"In her beautifully written, deeply researched, and elegantly argued book, Lynne Haney shows how much American policy-makers can learn from Hungary's social welfare experience. By unpacking the very different strategies that Hungary has adopted during the past half-century, Haney's account illuminates basic policy choices about how a society—any society—addresses the problems of poverty. It makes indispensable reading for those, on both sides of the Atlantic, who care about the lives of the poor."—David Kirp, author of Gender Justice

"Inventing the Needy is a theoretically engaged and methodologically innovative ethnography of Hungarian welfare regimes from 1948 to 1996. Studying the state 'from below,' her multi-layered and multi-sited analysis of the transformations in state policies and institutional practices, and their effects on everyday life, is an important contribution to comparative studies of welfare states, the social construction of the materialization and materialization of need, as well as to critical socialist, postsocialist, and feminist studies. Well-written, lucidly argued, thoughtful, and thought-provoking!"—Gail Kligman, author of The Politics of Duplicity: Controlling Reproduction in Ceausescu's Romania

"Inventing the Needy stands at the forefront of a new generation of revisionist scholarship. It dispenses with the sharp dichotomies of capitalism and communism and forsakes triumphal interpretations of the transition to the free market and liberal democracy. Looking at Hungary through the eyes of women and their experiences with successive welfare regimes, Lynne Haney offers a more balanced and variegated picture of the state socialist past and a more sober account of the capitalist present. Inventing the Needy is a brilliant combination of ethnography, history, and theory."—Michael Burawoy, co-author of Global Ethnography: Forces, Connections, and Imaginations in a Postmodern World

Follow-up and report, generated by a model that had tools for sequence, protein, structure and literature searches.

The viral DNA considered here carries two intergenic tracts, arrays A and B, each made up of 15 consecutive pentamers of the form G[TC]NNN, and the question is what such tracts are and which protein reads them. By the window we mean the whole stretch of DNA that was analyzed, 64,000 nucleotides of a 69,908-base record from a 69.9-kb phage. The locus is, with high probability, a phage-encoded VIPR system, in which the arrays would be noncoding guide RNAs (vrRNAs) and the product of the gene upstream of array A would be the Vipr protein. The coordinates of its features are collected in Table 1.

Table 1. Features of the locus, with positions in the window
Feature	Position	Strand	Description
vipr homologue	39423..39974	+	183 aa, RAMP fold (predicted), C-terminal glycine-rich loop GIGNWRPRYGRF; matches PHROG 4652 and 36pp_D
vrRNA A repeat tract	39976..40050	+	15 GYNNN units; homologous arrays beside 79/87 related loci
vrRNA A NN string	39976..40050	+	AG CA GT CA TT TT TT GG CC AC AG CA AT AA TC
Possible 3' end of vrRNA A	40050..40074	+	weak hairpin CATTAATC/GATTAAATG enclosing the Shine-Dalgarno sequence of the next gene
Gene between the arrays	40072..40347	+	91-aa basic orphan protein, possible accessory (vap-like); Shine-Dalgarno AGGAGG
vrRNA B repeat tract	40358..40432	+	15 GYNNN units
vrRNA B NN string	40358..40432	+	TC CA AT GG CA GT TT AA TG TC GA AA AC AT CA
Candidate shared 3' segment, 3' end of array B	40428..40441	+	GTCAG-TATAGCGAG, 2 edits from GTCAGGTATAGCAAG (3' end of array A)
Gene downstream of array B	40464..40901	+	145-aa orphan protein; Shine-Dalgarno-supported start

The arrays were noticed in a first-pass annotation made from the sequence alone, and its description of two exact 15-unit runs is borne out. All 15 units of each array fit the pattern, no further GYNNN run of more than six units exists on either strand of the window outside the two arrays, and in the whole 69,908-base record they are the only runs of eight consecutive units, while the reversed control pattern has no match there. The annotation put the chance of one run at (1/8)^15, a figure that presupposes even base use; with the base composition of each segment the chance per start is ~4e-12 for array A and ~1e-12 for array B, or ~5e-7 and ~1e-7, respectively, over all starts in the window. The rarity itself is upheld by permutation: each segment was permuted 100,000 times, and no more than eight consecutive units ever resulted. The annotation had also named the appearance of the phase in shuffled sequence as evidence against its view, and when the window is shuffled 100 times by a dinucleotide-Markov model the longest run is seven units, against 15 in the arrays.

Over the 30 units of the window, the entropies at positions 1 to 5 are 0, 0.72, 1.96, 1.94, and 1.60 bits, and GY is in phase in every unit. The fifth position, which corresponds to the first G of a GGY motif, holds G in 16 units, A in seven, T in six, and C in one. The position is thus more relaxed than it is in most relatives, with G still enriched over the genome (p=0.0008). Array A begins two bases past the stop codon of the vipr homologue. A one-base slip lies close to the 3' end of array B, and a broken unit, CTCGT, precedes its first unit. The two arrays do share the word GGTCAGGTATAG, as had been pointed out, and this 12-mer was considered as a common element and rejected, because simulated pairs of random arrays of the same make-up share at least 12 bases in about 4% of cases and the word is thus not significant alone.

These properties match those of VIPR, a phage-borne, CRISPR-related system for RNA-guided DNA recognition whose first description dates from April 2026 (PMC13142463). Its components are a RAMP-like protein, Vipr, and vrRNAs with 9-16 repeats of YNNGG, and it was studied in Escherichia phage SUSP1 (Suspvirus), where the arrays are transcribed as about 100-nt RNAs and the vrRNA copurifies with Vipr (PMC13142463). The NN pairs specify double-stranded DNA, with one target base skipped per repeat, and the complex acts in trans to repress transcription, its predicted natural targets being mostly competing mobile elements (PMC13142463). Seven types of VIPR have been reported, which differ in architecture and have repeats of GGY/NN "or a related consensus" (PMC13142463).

"Lynne Haney's provocative, original, and altogether brilliant study of welfare restructuring in Hungary in the wake of 1989 challenges us to rethink gender, states and social policies in both 'east' and 'west,' while providing essential conceptual tools for doing so."—Ann Shola Orloff, coauthor of States, Markets, Families: Gender, Liberalism and Social Policy in Australia, Canada, Great Britain and the United States

"This important book engages the central issue sociology faces after the fall of communism. Inventing the Needy is a careful, empirically well documented, and beautifully written analysis of the Hungarian welfare system during and after socialism. Haney shows that a critical analysis of capitalism is possible from the perspective of a socialist alternative, even today. She challenges 'transitologists,' who often contrast an idealized capitalist present with a homogeneous and negative view of socialism. This book is a must for those interested in theoretical debates about socialism and capitalism and in the welfare state and gender relations under and after socialism."—Ivan Szelenyi, author of Privatizing the Land: Rural Political Economy in Post-Communist and Socialist Societies and co-author of Making Capitalism without Capitalists: Class Formation and Elite Struggles in Post-Communist Central Europe

Sex and Gender Section Distinguished Book Award, American Sociological Association